Curragh mine has began the consultation process with affected employees and said as many as 50 jobs could be cut from the site.
Curragh mine has began the consultation process with affected employees and said as many as 50 jobs could be cut from the site. Meghan Kidd

Mining slump behind Curragh cuts

IN A perfect world, the number of permanent jobs slashed from the Wesfarmers Curragh mine in Blackwater would be zero.

But CFMEU district vice-president Glenn Power said the union would have to settle for working with the mine to reduce the losses as much as possible.

Earlier this week, the mine began the consultation process with affected employees and said as many as 50 jobs could be cut from the site.

But Mr Power said after meetings with the company, the union had a figure of 27.

"We believe 22 are mining, four in heavy mobile equipment - so the trades - and one supervisor," he said.

"Obviously we're still working through the consultation to try to lower those numbers."

Curragh general manager Craig McCabe said cutting the perman-ent workforce was the last option for the company.

"We have thoroughly explored all options available to us and the decision to reduce our permanent workforce - as part of a broader range of changes - has only been made after all other avenues of cost reduction and efficiencies had been exhausted," he said.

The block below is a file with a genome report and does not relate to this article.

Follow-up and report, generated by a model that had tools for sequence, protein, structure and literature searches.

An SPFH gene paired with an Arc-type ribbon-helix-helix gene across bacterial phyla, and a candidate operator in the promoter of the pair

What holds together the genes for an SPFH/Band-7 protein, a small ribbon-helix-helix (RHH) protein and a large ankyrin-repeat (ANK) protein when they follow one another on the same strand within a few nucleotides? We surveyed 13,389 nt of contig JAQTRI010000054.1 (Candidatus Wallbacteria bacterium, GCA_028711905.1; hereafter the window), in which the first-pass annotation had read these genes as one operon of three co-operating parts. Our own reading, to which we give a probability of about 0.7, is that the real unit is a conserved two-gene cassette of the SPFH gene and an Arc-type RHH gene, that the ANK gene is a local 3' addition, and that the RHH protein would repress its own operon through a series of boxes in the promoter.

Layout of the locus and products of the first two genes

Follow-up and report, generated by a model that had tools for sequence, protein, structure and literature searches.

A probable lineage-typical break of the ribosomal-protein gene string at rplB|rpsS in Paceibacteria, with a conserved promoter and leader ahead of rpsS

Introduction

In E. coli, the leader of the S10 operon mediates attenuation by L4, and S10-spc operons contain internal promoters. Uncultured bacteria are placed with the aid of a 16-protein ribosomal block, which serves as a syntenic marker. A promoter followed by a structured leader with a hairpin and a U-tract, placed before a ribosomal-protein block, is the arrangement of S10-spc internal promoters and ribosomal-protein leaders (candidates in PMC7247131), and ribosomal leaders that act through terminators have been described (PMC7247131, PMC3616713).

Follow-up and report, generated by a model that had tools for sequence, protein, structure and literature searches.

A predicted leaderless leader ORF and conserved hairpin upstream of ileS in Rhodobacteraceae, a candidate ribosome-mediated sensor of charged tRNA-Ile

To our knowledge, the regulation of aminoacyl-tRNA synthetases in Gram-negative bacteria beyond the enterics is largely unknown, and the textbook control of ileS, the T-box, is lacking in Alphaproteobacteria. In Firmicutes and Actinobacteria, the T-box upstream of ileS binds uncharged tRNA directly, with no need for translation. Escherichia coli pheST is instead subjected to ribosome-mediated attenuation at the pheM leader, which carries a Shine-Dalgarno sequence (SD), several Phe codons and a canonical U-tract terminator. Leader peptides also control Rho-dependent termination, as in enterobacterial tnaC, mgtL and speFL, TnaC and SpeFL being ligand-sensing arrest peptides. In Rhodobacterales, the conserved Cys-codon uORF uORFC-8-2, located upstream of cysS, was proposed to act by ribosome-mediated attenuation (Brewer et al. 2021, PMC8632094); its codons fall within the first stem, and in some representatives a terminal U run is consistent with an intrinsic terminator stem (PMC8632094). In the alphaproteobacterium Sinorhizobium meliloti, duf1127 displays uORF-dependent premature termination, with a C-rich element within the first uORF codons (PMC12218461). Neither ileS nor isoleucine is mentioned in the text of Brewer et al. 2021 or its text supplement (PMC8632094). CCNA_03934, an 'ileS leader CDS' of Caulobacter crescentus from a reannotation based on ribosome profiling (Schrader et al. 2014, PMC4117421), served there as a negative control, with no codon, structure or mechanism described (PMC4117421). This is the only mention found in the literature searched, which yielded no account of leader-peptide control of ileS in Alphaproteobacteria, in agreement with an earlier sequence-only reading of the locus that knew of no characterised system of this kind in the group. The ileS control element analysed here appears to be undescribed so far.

But any dent in a permanent workforce comes with flow-on effects for the town and Mr Power said Blackwater was a town often hit with the cyclical mining turnovers.

"All jobs that come redundant impact on the town and obviously it's difficult times, but as we know the mining industry is a very hostile and volatile industry," he said.

"It's been like that for decades. This downturn is probably more severe due to the unprecedented boom that we're coming down from through '08 to '12."

A Wesfarmers spokesman said it was "important to note" it was particular roles identified for cuts and not employees. This meant the job losses were not based on performance.

"All we have identified is the roles," he said.

Mr Power said the union was working closely with the company to get as good an outcome as possible.

"It's difficult times. The companies have got views of what they want and we've got to be convinced that these views are workable," he said.

The news comes only one year after major job losses at Curragh's Blackwater mine saw workers being led off site by senior personnel, and the Blackwater community losing longstanding families who had binding ties to the town.


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